AI upstart grabs $40M launch round; Sanofi backs a gene therapy player; Axsome hits a snag at the FDA
Boston AI-focused biotech DeepCure closed a $40 million Series A, according to a company announcement this morning — adding more than five times the amount of money the company had before: from $7 million raised since the company’s founding in 2018 to $47 million total.
Their goal? To have an R&D process that has drugs fully designed, synthesized and tested by AI, according to a company statement.
The round was led by Morningside Ventures — eliciting participation from previous investors such as TLV Partners, Sapir Venture Partners, and Benon Group.
“We are delighted to welcome a top-tier syndicate of leading healthcare investors led by Morningside Ventures that support our vision of developing an end-to-end drug discovery pipeline designed, optimized, synthesized, and analyzed by AI,” said DeepCure CEO and co-founder Kfir Schreiber.
The money will be used to expand DeepCure’s pipeline with five additional oncology programs and develop an automated robotic wet lab to further its goal of AI-involved R&D. The funding will also be used to hire more drug discovery scientists and technologists — double what the company currently has in tandem with DeepCure’s planned global expansion with the launch of two new sites in Greece and Israel.
“This investment positions us to advance our first novel small molecule compound to file for IND, advance our pipeline and realize our vision of making a significant impact for patients,” added DeepCure’s CSO and other co-founder Joseph Jacobson. — Paul Schloesser
UK biotech Gyroscope to receive equity investment from Sanofi six months after abruptly postponing IPO
Gyroscope Therapeutics announced that Sanofi has committed up to $60 million in an equity investment.
The eye disease-focused gene therapy biotech said this morning in a statement that the French Big Pharma will invest $40 million as an initial equity investment into Gyroscope initially, at a premium to Gyroscope’s previous $148 million Series C financing. The additional $20 million will be invested based on a future qualifying investment round — and subject to certain closing conditions.
The biotech startled investors and analysts after postponing its IPO in May, citing market conditions.
“We are thrilled to welcome Sanofi onboard as an investor in Gyroscope,” said Gyroscope CEO Khurem Farooq. “We believe our lead investigational gene therapy, GT005, has the potential to be the first gene therapy for geographic atrophy.”
Geographic atrophy is chronic progressive degeneration of the back of the eye and can be seen as part of late-stage age-related macular degeneration, or AMD.
An unnamed Sanofi R&D executive will join Gyroscope’s clinical advisory board to advise on matters related to the development of GT005 for geographic atrophy. Additionally, Gyroscope has granted Sanofi exclusive right of first refusal on certain potential future transactions for GT005 in select markets.
Gyroscope plans to use proceeds from this investment to support funding of ongoing clinical trials of GT005, as the drug has been granted fast track designation by the FDA. — Paul Schloesser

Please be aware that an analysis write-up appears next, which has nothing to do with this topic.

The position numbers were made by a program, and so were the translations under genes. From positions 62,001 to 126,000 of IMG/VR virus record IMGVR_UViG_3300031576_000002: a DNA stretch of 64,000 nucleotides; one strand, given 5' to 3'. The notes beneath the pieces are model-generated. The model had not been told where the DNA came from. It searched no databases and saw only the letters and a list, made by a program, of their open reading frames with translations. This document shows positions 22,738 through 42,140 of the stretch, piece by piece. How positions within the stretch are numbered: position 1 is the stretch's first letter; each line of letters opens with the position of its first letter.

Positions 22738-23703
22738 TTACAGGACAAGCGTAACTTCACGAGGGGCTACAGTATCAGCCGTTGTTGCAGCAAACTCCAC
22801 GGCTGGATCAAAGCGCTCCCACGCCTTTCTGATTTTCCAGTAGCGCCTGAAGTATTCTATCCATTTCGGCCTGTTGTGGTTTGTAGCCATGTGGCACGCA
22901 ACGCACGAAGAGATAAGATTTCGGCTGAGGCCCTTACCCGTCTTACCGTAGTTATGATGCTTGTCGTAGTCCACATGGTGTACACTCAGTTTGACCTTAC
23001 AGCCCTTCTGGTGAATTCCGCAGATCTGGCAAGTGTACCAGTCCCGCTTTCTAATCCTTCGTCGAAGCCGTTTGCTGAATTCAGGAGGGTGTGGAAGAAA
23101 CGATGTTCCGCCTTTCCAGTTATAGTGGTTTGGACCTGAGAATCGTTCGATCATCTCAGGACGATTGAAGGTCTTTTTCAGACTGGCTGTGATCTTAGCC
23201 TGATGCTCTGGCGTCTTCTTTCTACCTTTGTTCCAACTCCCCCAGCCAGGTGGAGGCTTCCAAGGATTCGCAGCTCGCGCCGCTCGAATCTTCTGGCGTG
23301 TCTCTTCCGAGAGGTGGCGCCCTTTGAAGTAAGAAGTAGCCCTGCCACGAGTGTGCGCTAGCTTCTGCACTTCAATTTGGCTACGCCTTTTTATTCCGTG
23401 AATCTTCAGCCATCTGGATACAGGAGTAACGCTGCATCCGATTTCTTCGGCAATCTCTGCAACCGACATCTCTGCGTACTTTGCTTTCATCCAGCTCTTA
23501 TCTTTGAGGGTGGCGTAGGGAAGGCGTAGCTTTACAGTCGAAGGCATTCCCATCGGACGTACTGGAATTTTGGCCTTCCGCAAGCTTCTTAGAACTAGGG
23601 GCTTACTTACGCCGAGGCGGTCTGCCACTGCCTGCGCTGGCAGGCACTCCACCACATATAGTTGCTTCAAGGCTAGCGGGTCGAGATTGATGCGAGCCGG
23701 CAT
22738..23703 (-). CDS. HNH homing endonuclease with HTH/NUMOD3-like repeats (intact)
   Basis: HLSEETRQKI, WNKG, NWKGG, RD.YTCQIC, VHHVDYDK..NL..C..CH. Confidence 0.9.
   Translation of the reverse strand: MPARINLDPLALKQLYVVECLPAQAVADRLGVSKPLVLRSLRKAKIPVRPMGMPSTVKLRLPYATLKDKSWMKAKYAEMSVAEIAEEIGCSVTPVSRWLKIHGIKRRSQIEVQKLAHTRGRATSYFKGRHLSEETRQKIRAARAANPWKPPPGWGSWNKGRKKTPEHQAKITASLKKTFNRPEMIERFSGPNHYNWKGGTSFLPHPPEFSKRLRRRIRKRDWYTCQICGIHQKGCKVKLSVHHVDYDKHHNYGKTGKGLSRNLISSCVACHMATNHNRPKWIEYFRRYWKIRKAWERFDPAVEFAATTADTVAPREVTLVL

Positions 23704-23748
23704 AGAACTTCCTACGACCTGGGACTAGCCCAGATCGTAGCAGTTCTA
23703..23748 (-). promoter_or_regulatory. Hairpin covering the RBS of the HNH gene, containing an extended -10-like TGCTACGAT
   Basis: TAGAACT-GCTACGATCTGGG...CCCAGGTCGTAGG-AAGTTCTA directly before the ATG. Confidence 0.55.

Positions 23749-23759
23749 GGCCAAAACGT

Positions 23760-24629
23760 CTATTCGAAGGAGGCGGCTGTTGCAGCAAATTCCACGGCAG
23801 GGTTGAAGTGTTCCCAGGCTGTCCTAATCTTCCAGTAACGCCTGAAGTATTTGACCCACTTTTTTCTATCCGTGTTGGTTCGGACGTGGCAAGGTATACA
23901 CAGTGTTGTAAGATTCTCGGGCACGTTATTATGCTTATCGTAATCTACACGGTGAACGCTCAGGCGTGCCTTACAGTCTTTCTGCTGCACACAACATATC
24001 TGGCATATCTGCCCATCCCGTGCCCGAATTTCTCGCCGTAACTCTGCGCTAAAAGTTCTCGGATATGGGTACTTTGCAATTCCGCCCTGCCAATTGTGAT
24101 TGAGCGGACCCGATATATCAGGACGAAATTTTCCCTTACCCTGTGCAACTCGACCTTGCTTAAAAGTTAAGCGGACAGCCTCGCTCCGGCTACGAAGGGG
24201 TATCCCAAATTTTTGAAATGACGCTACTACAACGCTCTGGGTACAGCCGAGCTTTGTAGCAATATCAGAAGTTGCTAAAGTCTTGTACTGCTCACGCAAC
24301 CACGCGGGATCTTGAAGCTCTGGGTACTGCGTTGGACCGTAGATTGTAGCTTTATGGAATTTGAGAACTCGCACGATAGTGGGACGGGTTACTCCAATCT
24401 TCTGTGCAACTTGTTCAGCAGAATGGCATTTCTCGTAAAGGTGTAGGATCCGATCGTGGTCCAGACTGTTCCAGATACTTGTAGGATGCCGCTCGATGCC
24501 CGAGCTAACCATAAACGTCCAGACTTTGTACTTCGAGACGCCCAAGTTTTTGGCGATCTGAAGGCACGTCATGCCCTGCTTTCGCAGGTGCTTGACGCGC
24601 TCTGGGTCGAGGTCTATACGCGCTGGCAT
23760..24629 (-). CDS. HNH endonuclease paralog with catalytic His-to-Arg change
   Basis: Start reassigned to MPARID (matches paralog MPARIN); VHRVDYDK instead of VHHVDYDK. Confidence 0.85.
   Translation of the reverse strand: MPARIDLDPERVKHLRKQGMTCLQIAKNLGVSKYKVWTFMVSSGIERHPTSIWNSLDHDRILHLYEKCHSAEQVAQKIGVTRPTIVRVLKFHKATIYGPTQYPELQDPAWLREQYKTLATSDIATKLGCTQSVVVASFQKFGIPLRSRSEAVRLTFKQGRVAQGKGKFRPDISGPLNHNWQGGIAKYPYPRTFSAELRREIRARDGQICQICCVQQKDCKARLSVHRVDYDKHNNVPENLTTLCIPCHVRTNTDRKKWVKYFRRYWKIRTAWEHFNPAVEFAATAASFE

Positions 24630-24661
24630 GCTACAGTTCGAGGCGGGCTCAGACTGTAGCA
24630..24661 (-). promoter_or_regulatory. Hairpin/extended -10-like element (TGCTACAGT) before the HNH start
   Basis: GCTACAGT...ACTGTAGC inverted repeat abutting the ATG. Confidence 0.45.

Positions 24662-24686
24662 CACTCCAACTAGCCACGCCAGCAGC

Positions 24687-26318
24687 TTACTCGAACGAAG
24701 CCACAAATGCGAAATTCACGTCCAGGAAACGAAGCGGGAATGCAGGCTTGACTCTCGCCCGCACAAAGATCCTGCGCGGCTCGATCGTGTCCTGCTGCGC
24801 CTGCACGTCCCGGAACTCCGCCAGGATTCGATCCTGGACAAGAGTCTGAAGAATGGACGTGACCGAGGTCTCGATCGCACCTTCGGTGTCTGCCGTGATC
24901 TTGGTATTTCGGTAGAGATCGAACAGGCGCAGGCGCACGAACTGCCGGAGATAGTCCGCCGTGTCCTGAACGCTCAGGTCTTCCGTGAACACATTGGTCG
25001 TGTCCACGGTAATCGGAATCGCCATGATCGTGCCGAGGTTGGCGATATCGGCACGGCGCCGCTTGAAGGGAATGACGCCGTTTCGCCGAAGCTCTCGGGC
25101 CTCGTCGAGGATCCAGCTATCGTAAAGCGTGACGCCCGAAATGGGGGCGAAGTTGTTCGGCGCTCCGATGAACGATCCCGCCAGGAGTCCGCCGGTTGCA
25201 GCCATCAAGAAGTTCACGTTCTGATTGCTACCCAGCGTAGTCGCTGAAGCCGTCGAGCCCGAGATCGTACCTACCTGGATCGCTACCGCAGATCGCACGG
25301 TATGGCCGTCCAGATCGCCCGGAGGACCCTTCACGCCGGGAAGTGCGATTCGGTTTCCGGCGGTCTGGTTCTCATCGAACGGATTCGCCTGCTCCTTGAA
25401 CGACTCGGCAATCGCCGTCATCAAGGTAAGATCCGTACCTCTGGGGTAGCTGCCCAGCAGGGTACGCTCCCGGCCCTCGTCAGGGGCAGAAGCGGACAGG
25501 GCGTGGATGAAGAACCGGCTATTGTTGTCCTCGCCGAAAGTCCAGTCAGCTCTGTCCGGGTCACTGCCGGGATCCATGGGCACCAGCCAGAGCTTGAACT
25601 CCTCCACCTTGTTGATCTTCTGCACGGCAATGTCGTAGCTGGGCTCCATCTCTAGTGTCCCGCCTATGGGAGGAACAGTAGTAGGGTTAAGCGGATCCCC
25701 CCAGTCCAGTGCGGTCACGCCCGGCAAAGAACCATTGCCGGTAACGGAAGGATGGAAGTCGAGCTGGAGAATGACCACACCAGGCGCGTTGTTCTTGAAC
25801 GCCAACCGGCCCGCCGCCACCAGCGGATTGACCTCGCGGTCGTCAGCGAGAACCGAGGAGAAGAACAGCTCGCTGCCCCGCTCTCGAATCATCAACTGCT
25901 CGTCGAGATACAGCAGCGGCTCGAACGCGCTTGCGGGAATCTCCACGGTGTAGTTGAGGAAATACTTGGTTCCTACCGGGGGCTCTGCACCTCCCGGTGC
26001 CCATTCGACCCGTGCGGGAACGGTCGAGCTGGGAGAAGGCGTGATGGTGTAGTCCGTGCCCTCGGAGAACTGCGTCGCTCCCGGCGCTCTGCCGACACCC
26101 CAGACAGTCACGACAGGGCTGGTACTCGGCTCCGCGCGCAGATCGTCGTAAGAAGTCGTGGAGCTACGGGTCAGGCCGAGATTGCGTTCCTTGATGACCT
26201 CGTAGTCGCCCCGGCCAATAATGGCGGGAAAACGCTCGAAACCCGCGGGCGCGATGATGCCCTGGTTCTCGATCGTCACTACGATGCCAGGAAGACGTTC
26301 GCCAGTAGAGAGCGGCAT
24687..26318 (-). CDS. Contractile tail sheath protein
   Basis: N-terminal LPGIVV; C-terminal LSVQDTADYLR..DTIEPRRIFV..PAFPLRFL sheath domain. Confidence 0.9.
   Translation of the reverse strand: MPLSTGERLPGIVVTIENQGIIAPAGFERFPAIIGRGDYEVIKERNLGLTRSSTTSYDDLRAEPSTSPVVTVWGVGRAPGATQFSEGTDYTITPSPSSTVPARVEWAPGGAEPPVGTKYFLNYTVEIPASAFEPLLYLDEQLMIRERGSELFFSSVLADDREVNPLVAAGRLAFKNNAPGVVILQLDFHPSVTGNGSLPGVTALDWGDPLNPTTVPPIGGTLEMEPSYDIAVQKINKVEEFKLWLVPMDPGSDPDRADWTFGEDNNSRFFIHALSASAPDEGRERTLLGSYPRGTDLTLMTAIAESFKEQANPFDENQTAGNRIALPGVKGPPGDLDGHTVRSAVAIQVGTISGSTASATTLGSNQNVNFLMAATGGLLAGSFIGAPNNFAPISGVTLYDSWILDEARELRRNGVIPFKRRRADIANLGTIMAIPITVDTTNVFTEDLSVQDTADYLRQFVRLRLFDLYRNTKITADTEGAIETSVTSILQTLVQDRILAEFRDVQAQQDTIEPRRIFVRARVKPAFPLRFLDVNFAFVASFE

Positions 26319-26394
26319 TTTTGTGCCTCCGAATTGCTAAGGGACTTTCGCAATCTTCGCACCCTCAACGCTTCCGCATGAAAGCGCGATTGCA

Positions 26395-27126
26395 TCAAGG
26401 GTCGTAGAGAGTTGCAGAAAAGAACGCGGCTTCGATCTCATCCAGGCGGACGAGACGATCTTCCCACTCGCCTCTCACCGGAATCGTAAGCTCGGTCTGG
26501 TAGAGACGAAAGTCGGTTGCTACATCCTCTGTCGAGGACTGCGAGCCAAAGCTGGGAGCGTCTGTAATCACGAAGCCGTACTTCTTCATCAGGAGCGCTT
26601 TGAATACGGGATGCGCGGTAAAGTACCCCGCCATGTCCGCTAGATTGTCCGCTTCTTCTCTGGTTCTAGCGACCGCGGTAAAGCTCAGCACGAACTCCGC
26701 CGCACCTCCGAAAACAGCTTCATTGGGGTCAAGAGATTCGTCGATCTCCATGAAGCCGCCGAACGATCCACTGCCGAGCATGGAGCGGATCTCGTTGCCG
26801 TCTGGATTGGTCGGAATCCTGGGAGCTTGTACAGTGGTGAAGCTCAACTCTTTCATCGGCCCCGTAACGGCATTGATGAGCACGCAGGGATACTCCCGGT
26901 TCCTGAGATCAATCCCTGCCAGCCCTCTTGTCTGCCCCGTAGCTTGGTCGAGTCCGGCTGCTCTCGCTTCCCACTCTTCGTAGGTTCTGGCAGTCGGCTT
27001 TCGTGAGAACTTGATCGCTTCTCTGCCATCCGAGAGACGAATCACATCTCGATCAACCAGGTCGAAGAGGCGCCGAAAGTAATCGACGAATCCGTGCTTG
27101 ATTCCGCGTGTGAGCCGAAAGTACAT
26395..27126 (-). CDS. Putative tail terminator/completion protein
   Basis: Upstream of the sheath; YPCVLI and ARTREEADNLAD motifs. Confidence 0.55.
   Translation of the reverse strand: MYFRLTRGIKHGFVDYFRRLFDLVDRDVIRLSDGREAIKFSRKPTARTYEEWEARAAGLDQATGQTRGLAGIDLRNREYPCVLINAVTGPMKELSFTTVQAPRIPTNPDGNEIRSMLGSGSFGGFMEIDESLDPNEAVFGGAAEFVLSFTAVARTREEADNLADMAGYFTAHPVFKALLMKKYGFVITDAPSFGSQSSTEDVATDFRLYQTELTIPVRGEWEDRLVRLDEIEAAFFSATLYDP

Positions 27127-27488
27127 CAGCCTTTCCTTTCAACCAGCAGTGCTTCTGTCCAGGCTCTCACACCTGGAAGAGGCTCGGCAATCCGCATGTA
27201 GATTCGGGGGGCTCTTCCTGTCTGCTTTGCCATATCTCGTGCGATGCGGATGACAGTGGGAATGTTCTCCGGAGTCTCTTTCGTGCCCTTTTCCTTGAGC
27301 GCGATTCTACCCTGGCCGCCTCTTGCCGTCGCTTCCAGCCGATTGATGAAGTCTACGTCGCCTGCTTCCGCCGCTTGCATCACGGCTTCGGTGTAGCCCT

Selecta shows promising results in gene therapy delivery and re-dosing patients in Phase I trial
Gene therapy scientists see a benefit in redosing patients after the first dose of a therapy. But the issue of an immune response against adeno-associated viruses (AAVs) has pushed companies to try and get around it.
Selecta Biosciences thought it found a way to tamp down the body’s immune response back in October — and Takeda doled out more than $1 billion to get in on the action.
Now today, the biotech revealed results from a Phase I trial looking into the body’s immune response to their ImmTOR platform — and the results may be promising.
With AskBio, Selecta unveiled top-line results this morning from a Phase I randomized, placebo controlled, double blind, dose-escalation study. The goal is to evaluate Selecta’s ImmTOR platform in mitigating the formation of neutralizing antibodies against an AAV8 capsid — which is used in gene therapies.
At day 30, in subjects who were administered a single 0.3 mg/kg dose of ImmTOR, Selecta observed a median anti-AAV8 neutralizing antibody titer of 1:5 — 250 times lower than that observed in subjects dosed with AAV8 capsid alone, according to a Selecta statement.
“We look forward to leveraging these exciting and novel findings in the clinic across our wholly owned gene therapy pipeline and alongside our world class gene therapy partners to achieve our goal of improving the lives of those living with monogenic diseases,” said Selecta president and CEO Carsten Brunn.
In the Phase I study, researchers evaluated the administration of a single IV dose of a AAV8 empty capsid containing no DNA with and without a single dose of ImmTOR in 23 subjects. — Paul Schloesser
Axsome depression drug hits a CMC hurdle at the FDA
Axsome’s depression drug AXS-05 has hit a snag at the FDA.
The biotech $AXSM reported Monday morning that regulators notified the company that they will not hit the PDUFA target action date — set all the way back on Aug. 22 — after citing CMC deficiencies.
According to their statement:
The Company was recently informed of two deficiencies related to analytical methods in the Chemistry, Manufacturing, and Controls (CMC) section of the NDA, which must be addressed prior to the FDA taking action on the NDA. The Company believes these deficiencies are addressable and is confirming the details of the request with the FDA.
— John Carroll